I Wanted To Write and Teach Literature Like My Mother Did

I struggled to find my authentic voice in my adopted literary language

Photo by Laura Chouette on Unsplash

I feel the recognition in my bones when I read the opening line of Viet Thanh Nguyen’s novel The Sympathizer: “I am a spy, a sleeper, a spook, a man of two faces.” When I write in English, I feel like I’m lying. I am making up every waking thought I had since childhood, in a language that I did not grow up dreaming in. And yet, I feel the constellation of letters tickle at my senses, rebuilding a life reimagined in English. For instance, I do remember this being true: waking up in the first house I lived in, the one my father and mother built with their friends, and seeing the specs of dust moving through the beam of light that came through the wooden-framed window. In this beam of light, my mother sat at the desk wearing fingerless gloves that protected her hands from the cold. With a fountain pen with her name carved in its teal body, on green and red lined manuscript paper, she wrote her first book. 

It was around then, in China, I learned the word wen xue, literature in English, from the stacks and stacks of books that seemed to spill out of every corner of our house. “Zuo jia, zuo zai jia.” My mother joked, that a writer (zuo jia) sat(zuo) at home (jia). A lover of literature, she seemed to have a joke or a poem to go with any occasion. She said she loved literature because literature allowed the understanding of love. I wanted to write and teach literature like my mother did. But in our life, literature meant Chinese literature and dedicating your life to the Chinese language meant a life of limitations. People who studied English literature could easily go abroad. People who studied other subjects could, with hard work, transition into the field of their study in another language. Choose Chinese and you choose a Chinese life. My mother said, once she became a Chinese major, she knew she’d be tied to China forever. She dissuaded me from getting tethered to this language she loved like her own house; I uttered poetry while knowing that one day, I might live in a place where no one will appreciate its meaning.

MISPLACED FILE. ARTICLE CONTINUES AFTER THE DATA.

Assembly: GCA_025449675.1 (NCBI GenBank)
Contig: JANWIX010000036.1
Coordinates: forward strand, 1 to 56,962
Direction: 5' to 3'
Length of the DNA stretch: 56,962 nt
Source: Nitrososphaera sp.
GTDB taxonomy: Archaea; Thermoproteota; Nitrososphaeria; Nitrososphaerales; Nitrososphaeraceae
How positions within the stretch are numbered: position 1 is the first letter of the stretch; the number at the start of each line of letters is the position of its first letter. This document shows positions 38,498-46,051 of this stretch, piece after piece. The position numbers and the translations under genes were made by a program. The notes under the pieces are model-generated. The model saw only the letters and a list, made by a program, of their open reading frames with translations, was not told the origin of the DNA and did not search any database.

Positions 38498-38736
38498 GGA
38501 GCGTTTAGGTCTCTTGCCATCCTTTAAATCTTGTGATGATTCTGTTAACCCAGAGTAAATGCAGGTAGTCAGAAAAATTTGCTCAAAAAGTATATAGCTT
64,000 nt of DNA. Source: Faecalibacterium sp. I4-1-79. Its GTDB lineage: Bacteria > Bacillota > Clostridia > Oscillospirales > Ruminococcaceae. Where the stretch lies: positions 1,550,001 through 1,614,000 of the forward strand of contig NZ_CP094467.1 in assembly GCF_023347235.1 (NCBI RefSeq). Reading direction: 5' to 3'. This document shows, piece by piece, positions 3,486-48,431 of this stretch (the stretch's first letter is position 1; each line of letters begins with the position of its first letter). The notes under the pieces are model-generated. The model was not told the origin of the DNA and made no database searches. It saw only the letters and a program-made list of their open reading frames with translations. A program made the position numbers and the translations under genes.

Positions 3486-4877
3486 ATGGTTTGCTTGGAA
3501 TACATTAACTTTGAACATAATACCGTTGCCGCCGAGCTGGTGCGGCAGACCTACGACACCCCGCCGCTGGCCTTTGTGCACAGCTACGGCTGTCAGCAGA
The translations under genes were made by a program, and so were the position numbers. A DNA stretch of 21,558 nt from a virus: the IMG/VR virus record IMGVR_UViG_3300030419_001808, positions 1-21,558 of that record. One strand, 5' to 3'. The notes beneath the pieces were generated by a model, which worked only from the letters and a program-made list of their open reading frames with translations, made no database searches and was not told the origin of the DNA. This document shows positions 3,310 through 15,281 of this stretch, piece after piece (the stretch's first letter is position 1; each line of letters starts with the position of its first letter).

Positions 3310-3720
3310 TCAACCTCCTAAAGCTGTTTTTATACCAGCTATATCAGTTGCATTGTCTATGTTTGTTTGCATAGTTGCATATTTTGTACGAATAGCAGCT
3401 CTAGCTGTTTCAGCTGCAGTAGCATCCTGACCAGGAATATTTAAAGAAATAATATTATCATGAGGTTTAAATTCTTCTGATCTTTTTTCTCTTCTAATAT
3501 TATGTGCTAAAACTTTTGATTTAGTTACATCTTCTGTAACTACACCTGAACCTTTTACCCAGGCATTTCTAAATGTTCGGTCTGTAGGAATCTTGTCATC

…literature meant Chinese literature and dedicating your life to the Chinese language meant a life of limitations.

Growing up, I read through the modern Chinese literary canon, remembering the searing social commentaries by Lu Xun, tender familial memories by Zhu Ziqing, or the romantic, global perspective in San Mao’s twelve volumes of memoir, only one of which was translated into English in 2019. I liked taking a book to bed, reading it before sleep, and waking up in the morning to read it first thing. I wrote on Chinese manuscript paper like my mother did, filling each red or green square with a carefully chosen word. 

I’m no longer writing in Chinese in China. I’m writing in English in the United States. I’m crafting a voice: who do I want to sound like? Who can I imagine sounding like? What does it mean to have an authentic voice when I know it will never be authentic if we take the word for its literal meaning, original and genuine?